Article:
K.D. et al v. DOWNINGTOWN AREA SCHOOL DISTRICT
MEMORANDUM. SIGNED BY HONORABLE LAWRENCE F. STENGEL ON 8/29/2016. 8/29/2016 ENTERED AND COPIES E-MAILED.(ahf)
IN THE UNITED STATES DISTRICT COURT
FOR THE EASTERN DISTRICT OF PENNSYLVANIA
K.D., by and through her parents,
Theresa and Jonathan Dunn,
August 29, 2016
The plaintiffs initiated this civil action against their local school district pursuant
to the Individuals with Disabilities Education Act (“IDEA”), 20 U.S.C. § 1400, et seq.
They are appealing the decision of a hearing officer who found that the school district did
not violate their child’s right to a free appropriate public education (“FAPE”) from
September 2011 through December 2014. The plaintiffs have filed a motion seeking to
present additional evidence which they indicate was unavailable to them prior to the
administrative hearing. The defendants strongly object to the admission of this evidence.
For the following reasons, I will deny the motion in its entirety.
The plaintiffs request to supplement the record with: (1) the defendant’s answers
to the plaintiffs’ first set of interrogatories and its responses to their request for the
production of documents; (2) the AIMSweb reports for school years 2012-2013, 20132014, and 2014-2015; and (3) the teacher’s manual for fundations used by K.D.’s teacher.
In a civil action brought in district court following a due process hearing pursuant
to the IDEA, the district court “shall hear additional evidence at the request of a party.”
20 U.S.C. § 1415(i)(2)(C)(ii); accord 34 C.F.R. § 300.516(c)(2). “Additional evidence”
does not refer to all evidence, but rather to evidence that properly supplements the
administrative record. See Susan N. v. Wilson Sch. Dist., 70 F.3d 751, 759 (3d Cir.
1995). The Third Circuit Court of Appeals has stated that “a district court first must
evaluate a party’s proffered evidence before deciding to exclude it.” Id. While a district
court appropriately may exclude additional evidence, a court must exercise particularized
discretion in its rulings. When exercising this discretion, the court should be mindful of
the IDEA’s “general framework of deference to state decision-makers.” Antoine M. v.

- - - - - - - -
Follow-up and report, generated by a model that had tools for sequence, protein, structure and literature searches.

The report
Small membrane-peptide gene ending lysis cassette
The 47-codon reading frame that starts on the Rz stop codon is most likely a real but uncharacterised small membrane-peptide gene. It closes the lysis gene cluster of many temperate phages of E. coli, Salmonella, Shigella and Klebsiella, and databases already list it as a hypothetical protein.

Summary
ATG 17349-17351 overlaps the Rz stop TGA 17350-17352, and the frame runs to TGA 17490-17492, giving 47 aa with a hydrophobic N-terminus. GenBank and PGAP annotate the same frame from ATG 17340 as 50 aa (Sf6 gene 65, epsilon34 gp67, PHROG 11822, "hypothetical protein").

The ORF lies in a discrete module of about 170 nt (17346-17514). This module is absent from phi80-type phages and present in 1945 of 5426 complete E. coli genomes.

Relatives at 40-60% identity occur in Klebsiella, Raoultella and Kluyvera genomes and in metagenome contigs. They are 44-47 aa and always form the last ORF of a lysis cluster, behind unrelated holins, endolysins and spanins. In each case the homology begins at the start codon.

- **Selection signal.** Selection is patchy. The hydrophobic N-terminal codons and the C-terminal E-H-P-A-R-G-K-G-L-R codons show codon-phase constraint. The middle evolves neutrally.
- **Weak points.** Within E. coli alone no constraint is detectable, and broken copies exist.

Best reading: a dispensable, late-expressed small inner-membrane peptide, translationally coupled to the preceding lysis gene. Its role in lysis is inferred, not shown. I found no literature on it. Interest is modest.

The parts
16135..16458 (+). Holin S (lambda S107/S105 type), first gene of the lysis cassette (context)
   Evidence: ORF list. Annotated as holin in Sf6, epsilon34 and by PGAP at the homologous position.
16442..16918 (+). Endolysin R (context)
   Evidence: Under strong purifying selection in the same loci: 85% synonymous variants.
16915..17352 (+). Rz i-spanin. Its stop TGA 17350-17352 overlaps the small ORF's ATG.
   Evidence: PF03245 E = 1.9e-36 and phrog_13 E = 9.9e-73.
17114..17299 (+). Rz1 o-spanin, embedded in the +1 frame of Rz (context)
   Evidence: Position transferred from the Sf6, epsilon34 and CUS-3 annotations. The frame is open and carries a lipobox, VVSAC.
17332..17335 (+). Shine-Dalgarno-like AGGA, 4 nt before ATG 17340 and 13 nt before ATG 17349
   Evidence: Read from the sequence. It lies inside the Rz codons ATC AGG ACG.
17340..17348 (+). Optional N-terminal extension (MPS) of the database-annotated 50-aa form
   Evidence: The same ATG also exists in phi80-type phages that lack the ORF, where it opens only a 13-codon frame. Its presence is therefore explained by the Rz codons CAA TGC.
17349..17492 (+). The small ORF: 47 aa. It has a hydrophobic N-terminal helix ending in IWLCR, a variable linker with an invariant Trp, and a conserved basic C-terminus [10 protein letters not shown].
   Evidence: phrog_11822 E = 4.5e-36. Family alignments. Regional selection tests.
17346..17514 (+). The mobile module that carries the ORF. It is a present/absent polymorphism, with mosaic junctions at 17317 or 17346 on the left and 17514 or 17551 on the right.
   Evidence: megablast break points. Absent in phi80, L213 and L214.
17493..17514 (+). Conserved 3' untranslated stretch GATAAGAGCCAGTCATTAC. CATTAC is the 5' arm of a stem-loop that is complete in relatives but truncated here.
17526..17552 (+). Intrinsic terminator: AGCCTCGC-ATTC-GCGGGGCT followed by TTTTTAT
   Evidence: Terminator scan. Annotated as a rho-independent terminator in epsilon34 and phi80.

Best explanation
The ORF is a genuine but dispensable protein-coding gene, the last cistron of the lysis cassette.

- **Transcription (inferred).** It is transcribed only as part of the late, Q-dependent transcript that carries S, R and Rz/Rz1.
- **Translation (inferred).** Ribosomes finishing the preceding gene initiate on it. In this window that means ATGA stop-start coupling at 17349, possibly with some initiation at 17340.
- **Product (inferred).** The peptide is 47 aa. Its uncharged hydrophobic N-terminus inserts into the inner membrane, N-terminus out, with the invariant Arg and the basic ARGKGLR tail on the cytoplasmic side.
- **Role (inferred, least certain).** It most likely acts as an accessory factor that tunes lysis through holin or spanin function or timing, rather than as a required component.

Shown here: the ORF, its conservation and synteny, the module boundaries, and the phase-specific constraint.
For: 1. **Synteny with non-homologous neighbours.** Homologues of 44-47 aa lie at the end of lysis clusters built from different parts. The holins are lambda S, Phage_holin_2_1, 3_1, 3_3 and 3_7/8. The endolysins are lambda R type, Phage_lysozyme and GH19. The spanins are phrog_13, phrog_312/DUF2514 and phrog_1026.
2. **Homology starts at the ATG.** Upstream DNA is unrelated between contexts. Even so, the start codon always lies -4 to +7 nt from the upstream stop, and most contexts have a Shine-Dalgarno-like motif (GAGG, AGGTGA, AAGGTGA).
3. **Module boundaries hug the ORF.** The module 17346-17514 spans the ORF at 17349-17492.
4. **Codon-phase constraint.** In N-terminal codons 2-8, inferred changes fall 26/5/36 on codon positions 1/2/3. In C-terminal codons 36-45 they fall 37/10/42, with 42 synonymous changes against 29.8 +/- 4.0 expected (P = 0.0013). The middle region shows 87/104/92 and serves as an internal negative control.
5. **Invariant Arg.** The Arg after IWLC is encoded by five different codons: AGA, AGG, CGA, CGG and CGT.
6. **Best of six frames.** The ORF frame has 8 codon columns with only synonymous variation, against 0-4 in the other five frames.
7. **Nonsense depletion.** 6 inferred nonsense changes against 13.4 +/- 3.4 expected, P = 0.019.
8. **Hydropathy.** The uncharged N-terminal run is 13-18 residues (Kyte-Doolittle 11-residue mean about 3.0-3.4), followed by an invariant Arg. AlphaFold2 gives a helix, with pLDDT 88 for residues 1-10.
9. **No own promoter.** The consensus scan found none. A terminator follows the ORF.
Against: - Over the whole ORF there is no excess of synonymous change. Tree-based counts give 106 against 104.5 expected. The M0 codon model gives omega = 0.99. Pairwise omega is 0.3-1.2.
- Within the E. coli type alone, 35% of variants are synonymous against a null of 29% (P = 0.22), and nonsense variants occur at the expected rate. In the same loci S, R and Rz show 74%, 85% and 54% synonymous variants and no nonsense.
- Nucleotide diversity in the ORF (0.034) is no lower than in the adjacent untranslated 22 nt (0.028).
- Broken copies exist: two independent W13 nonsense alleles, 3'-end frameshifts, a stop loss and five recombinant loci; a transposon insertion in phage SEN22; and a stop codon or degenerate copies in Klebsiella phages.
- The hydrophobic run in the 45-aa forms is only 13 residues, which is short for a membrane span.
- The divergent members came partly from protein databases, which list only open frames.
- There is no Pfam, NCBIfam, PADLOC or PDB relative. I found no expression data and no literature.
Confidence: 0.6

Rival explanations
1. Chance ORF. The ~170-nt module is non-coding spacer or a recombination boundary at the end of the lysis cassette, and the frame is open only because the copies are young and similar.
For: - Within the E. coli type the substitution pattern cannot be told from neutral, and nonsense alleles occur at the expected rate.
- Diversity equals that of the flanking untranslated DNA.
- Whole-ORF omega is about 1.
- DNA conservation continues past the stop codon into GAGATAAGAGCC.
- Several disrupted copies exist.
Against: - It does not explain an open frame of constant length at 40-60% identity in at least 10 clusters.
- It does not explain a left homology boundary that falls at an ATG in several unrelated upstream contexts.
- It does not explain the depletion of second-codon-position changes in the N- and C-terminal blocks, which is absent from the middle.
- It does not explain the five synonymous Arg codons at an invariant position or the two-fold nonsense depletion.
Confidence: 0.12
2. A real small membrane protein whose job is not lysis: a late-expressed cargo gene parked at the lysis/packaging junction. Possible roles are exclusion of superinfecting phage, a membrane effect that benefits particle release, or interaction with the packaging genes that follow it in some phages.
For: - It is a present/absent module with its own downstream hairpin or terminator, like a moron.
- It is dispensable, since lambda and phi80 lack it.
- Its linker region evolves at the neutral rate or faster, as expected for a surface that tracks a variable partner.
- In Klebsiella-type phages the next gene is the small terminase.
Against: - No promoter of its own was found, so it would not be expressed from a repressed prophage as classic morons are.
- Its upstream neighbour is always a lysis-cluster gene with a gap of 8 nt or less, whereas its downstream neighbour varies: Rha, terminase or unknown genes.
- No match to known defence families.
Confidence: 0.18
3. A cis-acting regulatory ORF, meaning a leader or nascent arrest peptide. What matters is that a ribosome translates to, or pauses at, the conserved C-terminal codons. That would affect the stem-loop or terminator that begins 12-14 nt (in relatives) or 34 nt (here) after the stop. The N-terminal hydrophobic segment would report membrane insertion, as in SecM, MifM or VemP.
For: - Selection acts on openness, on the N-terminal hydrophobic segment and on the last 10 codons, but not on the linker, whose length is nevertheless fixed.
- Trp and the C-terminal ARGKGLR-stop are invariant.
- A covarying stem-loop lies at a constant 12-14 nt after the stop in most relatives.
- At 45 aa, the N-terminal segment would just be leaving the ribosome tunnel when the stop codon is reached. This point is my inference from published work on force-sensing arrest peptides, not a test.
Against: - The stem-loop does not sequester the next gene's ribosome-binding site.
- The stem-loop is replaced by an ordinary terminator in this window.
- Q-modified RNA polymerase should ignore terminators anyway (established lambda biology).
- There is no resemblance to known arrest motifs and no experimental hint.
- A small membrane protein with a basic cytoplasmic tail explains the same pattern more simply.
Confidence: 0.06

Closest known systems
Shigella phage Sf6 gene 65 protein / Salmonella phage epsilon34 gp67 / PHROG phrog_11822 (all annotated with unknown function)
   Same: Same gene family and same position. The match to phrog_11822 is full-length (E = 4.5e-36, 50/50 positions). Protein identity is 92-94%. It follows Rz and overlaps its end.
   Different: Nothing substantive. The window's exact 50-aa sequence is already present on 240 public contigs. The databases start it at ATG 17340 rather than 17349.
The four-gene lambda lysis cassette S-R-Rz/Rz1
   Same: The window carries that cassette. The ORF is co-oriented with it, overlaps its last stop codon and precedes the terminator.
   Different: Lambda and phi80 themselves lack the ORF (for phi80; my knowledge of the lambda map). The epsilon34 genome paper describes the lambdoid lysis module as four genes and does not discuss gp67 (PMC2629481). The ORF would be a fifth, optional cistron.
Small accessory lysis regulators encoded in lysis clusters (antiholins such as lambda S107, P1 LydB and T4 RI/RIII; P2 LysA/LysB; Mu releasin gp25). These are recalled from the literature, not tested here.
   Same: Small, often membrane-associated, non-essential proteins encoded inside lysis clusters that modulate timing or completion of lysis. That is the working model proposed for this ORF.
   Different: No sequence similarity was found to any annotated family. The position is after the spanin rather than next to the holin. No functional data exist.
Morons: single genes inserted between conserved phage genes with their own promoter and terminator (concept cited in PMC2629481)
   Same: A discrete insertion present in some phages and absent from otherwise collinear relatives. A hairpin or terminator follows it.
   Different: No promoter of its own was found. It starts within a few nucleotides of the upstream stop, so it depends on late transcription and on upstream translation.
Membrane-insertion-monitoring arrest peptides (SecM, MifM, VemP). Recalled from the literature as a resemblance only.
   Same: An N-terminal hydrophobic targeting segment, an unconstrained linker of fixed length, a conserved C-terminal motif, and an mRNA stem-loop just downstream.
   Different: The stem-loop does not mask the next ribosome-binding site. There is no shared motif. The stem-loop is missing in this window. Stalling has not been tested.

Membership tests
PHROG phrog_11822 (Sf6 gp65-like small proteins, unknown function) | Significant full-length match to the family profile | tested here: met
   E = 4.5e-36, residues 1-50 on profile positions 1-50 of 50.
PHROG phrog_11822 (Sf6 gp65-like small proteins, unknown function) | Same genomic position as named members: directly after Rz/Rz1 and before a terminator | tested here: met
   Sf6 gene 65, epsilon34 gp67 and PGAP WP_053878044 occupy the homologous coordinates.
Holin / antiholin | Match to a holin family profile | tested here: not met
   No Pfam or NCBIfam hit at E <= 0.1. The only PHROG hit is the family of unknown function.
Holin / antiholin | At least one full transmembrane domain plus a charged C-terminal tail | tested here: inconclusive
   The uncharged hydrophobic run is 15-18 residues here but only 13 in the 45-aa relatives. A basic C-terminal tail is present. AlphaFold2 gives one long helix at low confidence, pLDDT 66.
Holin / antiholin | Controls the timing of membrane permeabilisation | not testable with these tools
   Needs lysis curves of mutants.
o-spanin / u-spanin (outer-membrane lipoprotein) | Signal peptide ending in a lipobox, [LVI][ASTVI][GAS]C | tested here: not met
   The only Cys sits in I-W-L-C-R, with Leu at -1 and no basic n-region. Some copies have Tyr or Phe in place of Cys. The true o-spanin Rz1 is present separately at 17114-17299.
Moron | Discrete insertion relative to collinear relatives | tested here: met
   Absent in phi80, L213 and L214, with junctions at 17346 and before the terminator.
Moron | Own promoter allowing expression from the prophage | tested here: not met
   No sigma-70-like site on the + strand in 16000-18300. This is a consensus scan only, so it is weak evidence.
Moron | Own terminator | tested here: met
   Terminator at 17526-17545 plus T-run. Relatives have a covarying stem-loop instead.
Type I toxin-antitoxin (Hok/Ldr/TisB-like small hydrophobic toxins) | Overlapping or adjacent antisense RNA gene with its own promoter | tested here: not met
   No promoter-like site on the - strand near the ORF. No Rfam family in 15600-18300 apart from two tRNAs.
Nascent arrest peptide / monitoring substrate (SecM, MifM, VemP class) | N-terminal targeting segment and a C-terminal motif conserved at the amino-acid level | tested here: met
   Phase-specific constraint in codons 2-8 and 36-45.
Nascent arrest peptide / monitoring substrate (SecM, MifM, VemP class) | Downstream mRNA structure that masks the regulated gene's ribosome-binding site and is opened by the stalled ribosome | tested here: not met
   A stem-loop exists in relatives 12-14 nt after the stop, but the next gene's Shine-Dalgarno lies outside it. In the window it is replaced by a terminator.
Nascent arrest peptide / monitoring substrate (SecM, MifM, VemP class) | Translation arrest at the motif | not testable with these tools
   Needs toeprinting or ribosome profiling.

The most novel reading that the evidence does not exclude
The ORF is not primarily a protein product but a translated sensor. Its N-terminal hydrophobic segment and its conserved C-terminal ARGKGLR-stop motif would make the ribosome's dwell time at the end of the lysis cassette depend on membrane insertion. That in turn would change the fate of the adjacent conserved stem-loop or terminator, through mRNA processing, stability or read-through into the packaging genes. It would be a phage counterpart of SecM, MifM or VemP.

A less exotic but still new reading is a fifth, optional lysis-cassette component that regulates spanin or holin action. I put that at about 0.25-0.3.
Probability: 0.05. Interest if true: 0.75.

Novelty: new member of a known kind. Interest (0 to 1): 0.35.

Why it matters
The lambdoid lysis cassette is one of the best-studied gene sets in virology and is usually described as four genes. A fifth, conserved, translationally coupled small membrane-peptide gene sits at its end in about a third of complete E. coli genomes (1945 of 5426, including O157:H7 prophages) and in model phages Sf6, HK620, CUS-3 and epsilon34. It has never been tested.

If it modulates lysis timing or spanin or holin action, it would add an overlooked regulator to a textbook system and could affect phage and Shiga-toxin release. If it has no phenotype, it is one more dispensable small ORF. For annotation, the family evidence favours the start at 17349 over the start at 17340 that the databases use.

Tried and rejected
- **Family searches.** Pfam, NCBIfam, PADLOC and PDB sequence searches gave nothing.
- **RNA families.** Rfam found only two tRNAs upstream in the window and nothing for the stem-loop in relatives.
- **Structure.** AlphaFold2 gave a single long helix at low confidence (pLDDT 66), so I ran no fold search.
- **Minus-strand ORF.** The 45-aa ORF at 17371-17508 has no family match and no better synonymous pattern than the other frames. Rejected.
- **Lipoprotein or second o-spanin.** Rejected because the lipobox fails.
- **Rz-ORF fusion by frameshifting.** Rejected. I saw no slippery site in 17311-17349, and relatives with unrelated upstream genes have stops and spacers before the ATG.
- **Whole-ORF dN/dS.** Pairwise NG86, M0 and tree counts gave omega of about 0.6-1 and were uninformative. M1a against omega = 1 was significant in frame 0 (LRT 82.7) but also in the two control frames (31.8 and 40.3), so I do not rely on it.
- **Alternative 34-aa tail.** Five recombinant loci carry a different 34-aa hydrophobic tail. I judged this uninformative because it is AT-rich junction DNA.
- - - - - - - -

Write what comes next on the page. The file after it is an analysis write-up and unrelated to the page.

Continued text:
Chester Upland Sch. Dist., 420 F.Supp.2d 396, 402 (E.D. Pa. 2006) (quoting Susan N.,
70 F.3d at 758). “[I]n determining whether to admit the proffered additional evidence,”
the question for a district court is “would the evidence assist the court in ascertaining
whether Congress’s goal has been and is being reached for the child involved.” Id. at
760. Automatic admission of new evidence “would vitiate congressional intent that
courts defer to the educational expertise of the agency.” Lebron v. N. Penn Sch. Dist.,
769 F.Supp.2d 788, 795 n.7 (E.D. Pa. 2011). Evidence may be excluded when it would
merely “embellish” testimony provided at the administrative hearing. Bernardsville Bd.
of Educ. v. J.H., 42 F.3d 149, 161 (3d Cir. 1994).
Before admitting additional evidence, “a court must determine whether the party
introducing the additional evidence has presented a sufficient justification for not
proffering the evidence at the administrative hearing.” Antoine M., 420 F.Supp.2d at 403
(citing Susan N., 70 F.3d at 760). Factors that a court may consider in deciding whether
to admit additional evidence include (1) whether a procedural bar prevented the
introduction of the evidence at the administrative hearing; (2) whether the party seeking
admission of the evidence deliberately withheld it at the hearing for strategic reasons; (3)
whether the introduction of the additional evidence at the district court level would be
prejudicial to the opposing party; and (4) the potential impact of the admission of the
evidence on the administration of justice, that is, whether the party seeks to introduce not
just new evidence but a new legal theory unrelated to the legal theory presented at the due
process hearing. Id.
The plaintiffs argue that there is no barrier to the admissibility of the additional
evidence they propose. They claim there is no discovery in the Pennsylvania
administrative hearing process, so the plaintiffs were limited in the records they could
obtain from the District. For example, the plaintiffs argue that they could not obtain the
data comparing K.D.’s performance to that of her peers until they filed this action. Thus,
the plaintiffs insist, the first two Antoine M. factors do not bar the evidence because the
plaintiffs did not have access to, and therefore could not present, this evidence at the